A Form of Chemical Madness
There’s been an upsurge of interest in recent for what is commonly called YA, or Young Adult, literature. Writers such as J.K Rowling and Stephanie Meier are the first names that come to mind, both writers having become veritable money-printing institutions in the wake of their hugely successful series.
Keeping young adults interested in reading is worthwhile; as an educator, I’ve seen firsthand the advantage that young adults who read regularly have over other students, especially in an academic setting. The Lennoxville Library boasts an ever-growing YA section, a collection that offers to the avid reader the likes of Neil Gaiman, Steven Erikson and L. J. Smith.
Neil gaiman is perhaps best known for his Sandman graphic novel series, but he has also written a number of novels that have captured the imagination of fans worldwide. What is most striking about Gaiman’s writing is the very tangible feeling of respect for the traditional art of storytelling, and the notion of myth-making inherent to the act of storytelling. Reading one of Gaiman’s novels is almost like hearing a tale from the lips of an old bard in a smoke-filled tavern of old. Case in point his first novel, Stardust(1998).
As a YA reader himself, Gaiman was obsessed with Tolkien’s novels, and Stardust follows in the footsteps of the fantasy master himself. The story is that of a young man, Tristran Thorne, who promises to recover a fallen star for his love, Victoria. In order to do so, Tristran ventures forth beyond the wall that gives his hometown its name, and into a land of magic and wonder. Tristran finds the star and, unexpectedly, falls in love with her, thereby becoming embroiled in the machination of the evil lords of Stormhold, who seek to use the star, Yvaine, for their own nefarious purposes.
Gaiman’s strength here is in how he manages to tell this mythical, yet very traditional tale, without a smidgen of cynicism. The storytelling is honest and showcases a writer who is as enthralled by the magic and wonder in his story as the reader inevitably becomes. Touches of humour keep the whole affair from becoming too self-conscious, and the sheer delight Gaiman feels in the process of telling a story shines through on every page. Fans of another classic of the genre, William Goldman’s The Princess Bride, will find in Stardust a worthy complement.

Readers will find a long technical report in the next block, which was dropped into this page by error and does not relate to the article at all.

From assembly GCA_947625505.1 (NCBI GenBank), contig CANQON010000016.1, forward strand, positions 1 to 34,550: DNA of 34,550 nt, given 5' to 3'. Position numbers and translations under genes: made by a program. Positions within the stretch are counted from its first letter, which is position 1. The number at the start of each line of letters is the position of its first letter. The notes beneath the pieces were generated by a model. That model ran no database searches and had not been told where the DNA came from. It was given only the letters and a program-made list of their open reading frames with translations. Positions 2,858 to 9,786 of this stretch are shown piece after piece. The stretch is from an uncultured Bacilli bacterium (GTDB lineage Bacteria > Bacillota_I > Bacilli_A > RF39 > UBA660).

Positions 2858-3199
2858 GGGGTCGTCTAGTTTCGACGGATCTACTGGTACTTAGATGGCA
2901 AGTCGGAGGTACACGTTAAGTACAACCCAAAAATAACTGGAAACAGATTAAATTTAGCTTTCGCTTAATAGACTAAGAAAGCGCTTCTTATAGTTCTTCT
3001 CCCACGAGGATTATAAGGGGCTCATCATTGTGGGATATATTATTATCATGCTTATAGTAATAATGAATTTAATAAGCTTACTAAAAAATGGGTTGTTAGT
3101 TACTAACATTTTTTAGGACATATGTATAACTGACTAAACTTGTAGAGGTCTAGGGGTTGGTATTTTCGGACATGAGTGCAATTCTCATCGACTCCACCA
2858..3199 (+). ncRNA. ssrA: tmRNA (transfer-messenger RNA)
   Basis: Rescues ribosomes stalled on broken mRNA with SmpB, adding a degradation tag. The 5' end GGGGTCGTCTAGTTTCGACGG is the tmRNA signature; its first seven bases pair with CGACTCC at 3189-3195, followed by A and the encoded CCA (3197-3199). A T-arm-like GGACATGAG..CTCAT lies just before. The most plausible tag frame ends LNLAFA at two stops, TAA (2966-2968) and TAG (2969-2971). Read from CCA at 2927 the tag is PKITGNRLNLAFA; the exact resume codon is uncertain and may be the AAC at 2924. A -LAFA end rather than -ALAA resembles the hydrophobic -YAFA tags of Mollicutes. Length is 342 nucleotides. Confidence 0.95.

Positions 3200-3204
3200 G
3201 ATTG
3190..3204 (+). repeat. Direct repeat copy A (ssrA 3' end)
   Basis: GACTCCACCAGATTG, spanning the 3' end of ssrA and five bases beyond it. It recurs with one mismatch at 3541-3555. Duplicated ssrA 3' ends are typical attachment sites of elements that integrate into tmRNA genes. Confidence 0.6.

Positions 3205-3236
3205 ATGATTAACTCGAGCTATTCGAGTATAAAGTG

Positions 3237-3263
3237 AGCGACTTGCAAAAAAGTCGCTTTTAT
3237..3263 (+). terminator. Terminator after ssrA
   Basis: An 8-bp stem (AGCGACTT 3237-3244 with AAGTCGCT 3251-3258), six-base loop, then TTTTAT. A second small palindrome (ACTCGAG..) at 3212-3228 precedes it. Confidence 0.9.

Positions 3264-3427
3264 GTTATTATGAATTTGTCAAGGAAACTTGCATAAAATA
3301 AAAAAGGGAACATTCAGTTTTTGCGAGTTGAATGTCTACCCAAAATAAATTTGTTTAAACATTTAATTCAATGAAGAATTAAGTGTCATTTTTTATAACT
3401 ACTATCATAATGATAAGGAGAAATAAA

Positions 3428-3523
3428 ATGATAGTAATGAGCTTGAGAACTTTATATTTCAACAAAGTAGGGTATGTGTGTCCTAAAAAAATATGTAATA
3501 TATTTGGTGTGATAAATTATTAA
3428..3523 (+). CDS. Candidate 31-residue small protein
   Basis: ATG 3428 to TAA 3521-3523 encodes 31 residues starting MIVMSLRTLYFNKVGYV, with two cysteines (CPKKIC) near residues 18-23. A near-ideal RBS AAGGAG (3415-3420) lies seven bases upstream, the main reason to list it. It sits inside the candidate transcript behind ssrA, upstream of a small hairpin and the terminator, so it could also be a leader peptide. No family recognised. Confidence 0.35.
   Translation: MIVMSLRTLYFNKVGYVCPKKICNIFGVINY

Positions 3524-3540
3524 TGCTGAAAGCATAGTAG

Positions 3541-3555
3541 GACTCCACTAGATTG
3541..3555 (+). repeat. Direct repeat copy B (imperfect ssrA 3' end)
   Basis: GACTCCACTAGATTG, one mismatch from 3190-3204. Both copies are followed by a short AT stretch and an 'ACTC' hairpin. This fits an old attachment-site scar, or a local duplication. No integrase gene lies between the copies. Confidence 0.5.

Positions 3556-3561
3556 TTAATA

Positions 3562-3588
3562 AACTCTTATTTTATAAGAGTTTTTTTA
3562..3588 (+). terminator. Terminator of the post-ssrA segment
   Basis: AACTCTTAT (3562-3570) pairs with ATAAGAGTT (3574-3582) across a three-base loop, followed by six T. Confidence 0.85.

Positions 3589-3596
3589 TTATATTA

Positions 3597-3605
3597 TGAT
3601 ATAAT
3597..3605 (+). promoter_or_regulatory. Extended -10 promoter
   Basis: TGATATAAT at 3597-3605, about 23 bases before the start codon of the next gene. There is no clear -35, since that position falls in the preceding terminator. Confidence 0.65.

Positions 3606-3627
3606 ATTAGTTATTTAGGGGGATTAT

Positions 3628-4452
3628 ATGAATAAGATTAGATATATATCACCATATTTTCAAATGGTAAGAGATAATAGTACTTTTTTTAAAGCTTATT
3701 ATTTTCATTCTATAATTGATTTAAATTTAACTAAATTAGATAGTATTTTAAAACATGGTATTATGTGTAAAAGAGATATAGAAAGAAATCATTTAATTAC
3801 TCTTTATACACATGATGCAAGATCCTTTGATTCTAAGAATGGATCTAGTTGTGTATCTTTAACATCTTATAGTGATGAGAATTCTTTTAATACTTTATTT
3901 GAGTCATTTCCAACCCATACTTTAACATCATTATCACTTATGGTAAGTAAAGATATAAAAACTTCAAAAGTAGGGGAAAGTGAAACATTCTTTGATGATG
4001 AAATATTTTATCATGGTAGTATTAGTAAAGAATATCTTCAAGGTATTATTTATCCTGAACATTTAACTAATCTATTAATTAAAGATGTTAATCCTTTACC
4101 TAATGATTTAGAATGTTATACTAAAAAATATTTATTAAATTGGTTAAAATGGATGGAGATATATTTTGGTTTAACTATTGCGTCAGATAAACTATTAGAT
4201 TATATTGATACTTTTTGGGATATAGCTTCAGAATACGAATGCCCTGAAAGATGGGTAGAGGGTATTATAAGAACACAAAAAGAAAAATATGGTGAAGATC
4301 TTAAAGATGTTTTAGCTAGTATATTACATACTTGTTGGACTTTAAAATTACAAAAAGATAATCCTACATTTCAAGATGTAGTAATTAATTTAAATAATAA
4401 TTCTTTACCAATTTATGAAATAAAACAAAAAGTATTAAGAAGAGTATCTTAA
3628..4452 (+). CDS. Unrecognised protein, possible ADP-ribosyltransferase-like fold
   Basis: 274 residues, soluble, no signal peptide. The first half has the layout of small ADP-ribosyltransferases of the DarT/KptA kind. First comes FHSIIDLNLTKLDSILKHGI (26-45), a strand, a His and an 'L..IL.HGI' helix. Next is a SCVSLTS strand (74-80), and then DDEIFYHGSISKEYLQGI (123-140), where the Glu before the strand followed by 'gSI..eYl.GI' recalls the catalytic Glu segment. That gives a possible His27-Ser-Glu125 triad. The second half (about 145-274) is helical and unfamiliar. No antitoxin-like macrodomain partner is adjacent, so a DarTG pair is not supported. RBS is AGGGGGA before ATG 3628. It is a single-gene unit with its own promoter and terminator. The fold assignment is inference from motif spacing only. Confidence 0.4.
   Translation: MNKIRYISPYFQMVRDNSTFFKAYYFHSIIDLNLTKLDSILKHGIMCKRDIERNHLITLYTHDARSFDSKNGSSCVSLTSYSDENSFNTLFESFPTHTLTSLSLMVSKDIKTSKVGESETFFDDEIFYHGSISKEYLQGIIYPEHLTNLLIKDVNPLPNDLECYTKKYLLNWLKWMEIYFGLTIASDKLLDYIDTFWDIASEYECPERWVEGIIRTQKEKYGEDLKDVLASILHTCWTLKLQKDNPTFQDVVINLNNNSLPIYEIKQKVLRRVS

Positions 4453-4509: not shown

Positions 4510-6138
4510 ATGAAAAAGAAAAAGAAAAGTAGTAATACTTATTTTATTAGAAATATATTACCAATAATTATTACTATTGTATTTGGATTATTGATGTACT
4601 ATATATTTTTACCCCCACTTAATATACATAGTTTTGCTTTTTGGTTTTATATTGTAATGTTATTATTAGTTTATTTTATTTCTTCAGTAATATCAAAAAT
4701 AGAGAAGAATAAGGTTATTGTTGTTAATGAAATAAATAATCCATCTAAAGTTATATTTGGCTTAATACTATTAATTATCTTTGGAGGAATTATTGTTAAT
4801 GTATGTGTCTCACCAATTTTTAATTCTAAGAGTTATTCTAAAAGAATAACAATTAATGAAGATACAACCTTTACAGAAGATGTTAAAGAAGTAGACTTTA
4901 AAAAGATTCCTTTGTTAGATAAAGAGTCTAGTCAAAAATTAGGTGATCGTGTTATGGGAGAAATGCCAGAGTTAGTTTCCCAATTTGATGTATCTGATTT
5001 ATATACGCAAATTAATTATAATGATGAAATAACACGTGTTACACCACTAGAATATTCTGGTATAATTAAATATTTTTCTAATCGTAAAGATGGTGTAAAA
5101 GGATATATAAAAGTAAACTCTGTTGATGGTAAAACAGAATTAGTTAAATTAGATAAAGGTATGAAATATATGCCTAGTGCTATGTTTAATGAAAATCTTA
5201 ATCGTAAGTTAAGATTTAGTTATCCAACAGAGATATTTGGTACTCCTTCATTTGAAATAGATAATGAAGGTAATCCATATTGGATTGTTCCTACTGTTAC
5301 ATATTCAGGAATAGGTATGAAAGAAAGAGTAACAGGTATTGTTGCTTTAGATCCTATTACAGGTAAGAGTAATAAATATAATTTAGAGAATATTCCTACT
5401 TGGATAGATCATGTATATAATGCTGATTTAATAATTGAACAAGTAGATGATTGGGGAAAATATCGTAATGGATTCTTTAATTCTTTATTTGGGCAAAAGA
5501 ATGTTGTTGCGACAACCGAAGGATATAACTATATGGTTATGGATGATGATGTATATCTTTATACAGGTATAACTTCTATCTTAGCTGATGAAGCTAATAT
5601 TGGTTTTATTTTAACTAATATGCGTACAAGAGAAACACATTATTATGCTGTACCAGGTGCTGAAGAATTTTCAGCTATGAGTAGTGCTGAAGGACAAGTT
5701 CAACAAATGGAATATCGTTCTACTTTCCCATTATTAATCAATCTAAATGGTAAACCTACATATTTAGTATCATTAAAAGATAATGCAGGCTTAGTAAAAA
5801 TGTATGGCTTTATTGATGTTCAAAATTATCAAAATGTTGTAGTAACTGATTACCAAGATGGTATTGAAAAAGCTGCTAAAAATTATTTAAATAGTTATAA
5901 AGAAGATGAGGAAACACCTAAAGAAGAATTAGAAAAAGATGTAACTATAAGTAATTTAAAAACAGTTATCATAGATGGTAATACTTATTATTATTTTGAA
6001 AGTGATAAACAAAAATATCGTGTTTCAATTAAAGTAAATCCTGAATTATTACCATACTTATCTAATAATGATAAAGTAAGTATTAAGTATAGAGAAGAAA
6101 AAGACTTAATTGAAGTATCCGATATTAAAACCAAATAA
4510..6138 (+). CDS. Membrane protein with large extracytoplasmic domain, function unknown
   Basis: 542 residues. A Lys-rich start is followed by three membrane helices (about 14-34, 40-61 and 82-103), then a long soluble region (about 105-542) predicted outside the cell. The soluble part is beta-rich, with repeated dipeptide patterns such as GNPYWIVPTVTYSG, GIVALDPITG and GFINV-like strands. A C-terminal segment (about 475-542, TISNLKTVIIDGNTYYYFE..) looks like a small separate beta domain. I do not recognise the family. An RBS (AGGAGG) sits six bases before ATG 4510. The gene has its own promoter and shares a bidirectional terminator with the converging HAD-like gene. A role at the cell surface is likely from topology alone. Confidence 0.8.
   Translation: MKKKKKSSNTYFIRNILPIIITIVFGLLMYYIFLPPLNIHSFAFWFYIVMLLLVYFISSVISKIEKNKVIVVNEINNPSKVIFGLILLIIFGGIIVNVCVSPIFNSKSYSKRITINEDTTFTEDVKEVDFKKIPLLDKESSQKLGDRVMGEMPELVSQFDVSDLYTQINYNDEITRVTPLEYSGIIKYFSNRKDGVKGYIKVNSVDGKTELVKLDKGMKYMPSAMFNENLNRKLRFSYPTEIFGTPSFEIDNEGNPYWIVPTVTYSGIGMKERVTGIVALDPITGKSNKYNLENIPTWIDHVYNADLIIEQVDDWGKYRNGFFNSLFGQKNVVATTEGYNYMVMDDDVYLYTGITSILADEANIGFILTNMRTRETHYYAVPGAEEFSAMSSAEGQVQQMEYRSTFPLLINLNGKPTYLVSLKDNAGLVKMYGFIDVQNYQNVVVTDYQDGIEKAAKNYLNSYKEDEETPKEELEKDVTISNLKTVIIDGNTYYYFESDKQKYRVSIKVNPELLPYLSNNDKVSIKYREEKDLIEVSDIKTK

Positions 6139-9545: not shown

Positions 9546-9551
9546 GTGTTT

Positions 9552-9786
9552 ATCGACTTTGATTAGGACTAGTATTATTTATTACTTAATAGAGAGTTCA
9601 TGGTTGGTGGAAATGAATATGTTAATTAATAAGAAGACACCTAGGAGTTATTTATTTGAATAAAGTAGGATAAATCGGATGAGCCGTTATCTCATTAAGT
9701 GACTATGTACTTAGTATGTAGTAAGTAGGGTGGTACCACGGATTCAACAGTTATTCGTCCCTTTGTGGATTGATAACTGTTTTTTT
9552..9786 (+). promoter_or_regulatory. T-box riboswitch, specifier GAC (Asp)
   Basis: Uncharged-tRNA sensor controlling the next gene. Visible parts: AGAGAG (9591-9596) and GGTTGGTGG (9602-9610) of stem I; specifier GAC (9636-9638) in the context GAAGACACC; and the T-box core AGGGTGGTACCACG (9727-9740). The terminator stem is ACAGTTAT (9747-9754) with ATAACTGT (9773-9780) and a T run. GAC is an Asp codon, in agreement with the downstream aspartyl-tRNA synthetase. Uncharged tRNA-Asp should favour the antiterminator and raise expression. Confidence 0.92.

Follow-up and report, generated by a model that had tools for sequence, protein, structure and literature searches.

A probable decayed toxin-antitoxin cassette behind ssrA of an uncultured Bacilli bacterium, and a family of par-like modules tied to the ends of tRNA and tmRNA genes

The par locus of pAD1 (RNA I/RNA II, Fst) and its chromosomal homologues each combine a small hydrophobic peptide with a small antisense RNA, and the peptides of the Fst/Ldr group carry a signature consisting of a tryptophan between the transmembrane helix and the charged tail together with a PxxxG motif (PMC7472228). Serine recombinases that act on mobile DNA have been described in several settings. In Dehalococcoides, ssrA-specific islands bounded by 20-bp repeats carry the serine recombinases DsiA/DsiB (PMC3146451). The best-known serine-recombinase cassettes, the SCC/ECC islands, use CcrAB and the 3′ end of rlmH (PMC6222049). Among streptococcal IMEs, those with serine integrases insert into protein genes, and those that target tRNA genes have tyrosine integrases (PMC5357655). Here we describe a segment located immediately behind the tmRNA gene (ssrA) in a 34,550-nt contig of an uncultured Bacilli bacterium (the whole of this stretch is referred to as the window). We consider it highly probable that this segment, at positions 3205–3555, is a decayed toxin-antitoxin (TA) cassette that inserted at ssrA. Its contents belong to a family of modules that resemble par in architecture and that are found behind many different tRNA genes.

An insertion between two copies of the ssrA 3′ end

Another inheritor of Tolkien’s legacy is Canadian author Steven Erikson, who has recently completed his first series of ten novels in the Malazan Book of the Fallen series. The first book of the series, Gardens of the Moon (1999), lays the foundation for the whole series, introducing some of the best of his litany of characters, namely the Bridgeburners. Fans of Glen Cook’s The Black Company will find in Erikson’s novels a similar interest in the common man’s plight, especially that of soldiers and engineers, something often overlooked in sprawling fantasy sagas.
An anthropologist and archeologist, Erikson possesses the knowledge and tools to create deeply plausible societies and mythologies. He delights in challenging our pre-conception of fantasy tropes, and creates character who, whether simple soldiers, demi-gods or ancient beings, go against type and operate like real people do, according to their goals and desires. Dark humor is liberally sprinkled throughout, and action plays careful counterpoint to political maneuvering. Be warned though; Erikson takes a particular pleasure in putting his characters through the ringer, and infuses his novels with a strong sense that no one is safe, not even the young.